Harry Grant's last great race in the Alco-6 Black Beast Racer's was the 1911 Elgin National Trophy Race held on the Illinois course. Driver Harry Grant was shown here with his mechanician George Babcock prior to a practice run. This was the only major race in which mechanican Frank Lee did not ride with Grant. The reason was simple: Lee also drove another Alco in the race-one of three Alco racers in the Elgin.
Harry Grant and George Babcock driving the #1 Alco Black Beast on the Elgin course.
This amazing photo was accompanied by a commentary by Harry Grant describing his experience at the race. Based on the last paragraph, it was likely written with the help of the Alco sales department as a post-race press release.
"Cars receive harder usage in racing than imagined" says Harry F. Grant, who drove the Alco, a two-time winner of the Vanderbilt Cup. "It is the general impression that a racing car receives strains only rounding corners. Every little stone that protrubes through the surface of the road, every little ditch or imperfection in the course causes extra strain on the car. Upon hitting these imperfections, the car has the tendency to rise and leave the course."
"At Elgin there was a ditch on the back stretch, a straightaway. Every time we went over this ditch, it became deeper and deeper. This ditch finally extended from one side of the course to the other. When our "Old No.18" Alco, of Vanderbilt Cup fame, would hit this ditch both the front and rear wheels would leave the ground. Upon landing, first the front wheels would strike the ground and then the rear".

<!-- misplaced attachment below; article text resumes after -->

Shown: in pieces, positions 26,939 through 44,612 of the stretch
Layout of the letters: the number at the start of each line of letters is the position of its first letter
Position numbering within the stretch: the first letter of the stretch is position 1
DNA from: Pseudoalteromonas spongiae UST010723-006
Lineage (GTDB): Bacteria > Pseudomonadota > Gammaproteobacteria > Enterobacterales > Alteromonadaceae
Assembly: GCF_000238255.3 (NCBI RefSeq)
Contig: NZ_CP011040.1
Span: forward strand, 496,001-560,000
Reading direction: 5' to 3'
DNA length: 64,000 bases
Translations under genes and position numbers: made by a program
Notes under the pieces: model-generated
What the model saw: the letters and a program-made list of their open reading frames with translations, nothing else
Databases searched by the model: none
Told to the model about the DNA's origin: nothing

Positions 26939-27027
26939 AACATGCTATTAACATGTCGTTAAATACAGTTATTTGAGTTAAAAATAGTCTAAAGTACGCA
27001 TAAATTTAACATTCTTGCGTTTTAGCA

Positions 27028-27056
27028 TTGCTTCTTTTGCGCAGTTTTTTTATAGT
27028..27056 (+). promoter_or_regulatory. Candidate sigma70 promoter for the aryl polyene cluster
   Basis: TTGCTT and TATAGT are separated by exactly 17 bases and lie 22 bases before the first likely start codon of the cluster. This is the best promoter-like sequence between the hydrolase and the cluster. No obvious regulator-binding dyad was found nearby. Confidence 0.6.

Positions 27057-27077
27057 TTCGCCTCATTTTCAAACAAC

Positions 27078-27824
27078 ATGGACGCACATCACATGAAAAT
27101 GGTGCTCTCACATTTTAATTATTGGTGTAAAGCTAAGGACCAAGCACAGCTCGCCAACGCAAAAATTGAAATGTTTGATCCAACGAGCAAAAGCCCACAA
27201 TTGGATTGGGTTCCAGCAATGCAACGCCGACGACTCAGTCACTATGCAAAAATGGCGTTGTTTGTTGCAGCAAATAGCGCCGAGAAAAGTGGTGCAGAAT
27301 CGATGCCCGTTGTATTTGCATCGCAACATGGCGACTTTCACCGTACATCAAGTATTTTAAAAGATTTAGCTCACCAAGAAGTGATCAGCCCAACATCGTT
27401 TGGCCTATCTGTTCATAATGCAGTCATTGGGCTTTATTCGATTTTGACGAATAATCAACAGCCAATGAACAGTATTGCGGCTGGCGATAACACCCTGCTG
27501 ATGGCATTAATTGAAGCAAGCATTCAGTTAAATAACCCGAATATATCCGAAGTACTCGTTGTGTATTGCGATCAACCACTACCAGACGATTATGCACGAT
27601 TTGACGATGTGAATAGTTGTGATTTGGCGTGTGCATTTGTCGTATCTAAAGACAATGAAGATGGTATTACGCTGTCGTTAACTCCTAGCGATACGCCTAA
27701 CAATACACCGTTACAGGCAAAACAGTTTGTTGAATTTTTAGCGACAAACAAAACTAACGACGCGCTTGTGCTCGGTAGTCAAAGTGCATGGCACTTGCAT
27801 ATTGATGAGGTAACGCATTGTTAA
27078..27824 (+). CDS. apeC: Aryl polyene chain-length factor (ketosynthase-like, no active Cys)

"To hold the car to the course it was necessary to brace my hand against my knee to take the strain off my wrist. One can imagine the consequences if a steering knuckle should break or the front or rear axle or any other part at such a critical moment. Of course, there are no such strains in ordinary touring."
"No one need to be afraid to invest in a stock car that can resist the strains of racing. This is one of reason that I am so proud of my "Old No.18" Alco. It is strictly a stock car and has withstood the strains of two Vanderbilts in succession. You will remember that the 1909 Vanderbilt was a stock car race. Should it had been a high powered racer, I would not have the feeling for "Old No. 18" that I have."
Tthe Alco Black Beast finished second to the #2 National driven by Len Zengle.
Links to related posts on VanderbiltCupRaces.com and the Elgin Races: